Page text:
Here Seneca is telling us that we need to constantly bring to mind the principles of our philosophy, in order to, gradually, over time, internalize them and make them second nature to us. One way to do this is to start your day (though this can be done at any convenient quiet moment) by reading a passage from one of the Stoic sources and reflecting on how it applies to our lives. You may, of course, come up with your own list of favorite passages, but I publish an almost daily Stoic meditation precisely for that purpose.

2. Table temperance

Mastering one’s appetites for food and drink is the beginning of and basis for self-control. (Musonius Rufus, Lectures 18A.1)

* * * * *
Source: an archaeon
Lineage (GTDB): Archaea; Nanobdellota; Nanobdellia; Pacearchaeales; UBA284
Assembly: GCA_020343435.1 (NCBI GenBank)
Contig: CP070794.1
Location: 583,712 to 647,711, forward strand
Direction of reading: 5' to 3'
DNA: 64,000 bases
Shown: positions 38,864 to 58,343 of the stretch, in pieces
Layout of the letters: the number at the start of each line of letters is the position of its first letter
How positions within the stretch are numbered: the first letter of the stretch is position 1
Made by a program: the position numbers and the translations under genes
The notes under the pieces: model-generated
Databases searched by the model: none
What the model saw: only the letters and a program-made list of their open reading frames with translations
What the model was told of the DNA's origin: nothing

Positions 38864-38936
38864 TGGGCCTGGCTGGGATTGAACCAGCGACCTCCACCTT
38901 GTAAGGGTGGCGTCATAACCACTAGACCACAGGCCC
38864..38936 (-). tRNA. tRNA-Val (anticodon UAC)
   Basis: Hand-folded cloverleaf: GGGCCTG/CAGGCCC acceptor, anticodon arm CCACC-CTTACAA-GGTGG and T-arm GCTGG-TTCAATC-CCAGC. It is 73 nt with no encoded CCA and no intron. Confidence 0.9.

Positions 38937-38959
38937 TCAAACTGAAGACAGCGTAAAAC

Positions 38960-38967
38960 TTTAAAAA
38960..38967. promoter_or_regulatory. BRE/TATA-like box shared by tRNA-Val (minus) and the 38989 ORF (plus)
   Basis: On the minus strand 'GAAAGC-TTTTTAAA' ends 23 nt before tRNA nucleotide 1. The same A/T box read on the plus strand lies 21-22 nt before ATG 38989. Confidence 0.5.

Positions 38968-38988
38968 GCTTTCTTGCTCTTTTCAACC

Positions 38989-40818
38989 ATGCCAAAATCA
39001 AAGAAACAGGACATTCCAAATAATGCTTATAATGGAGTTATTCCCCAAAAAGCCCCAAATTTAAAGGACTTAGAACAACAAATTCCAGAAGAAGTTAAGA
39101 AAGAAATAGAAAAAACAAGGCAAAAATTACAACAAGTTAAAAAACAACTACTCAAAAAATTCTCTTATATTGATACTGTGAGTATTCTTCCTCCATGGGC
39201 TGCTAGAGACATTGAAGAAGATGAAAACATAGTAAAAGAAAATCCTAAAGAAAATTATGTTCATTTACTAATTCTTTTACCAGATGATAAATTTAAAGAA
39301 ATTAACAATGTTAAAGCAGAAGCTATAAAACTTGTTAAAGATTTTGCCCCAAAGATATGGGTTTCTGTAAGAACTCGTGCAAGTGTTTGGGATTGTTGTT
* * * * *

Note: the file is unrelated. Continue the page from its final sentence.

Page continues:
Temperance is one of the four cardinal virtues, and as Musonius reminds us, we have at least three easy occasions to practice it daily: every time we sit at the table and eat or drink. That's what I mindfully try to do at mealtime. It's not just good for your soul, it's good for your health as well!

3. Philosophical diary 

Admit not sleep into your tender eyelids till you have reckoned up each deed of the day--How have I erred, what done or left undone? So start, and so review your acts, and then for vile deeds chide yourself, for good be glad. (Epictetus, Discourses III, 10)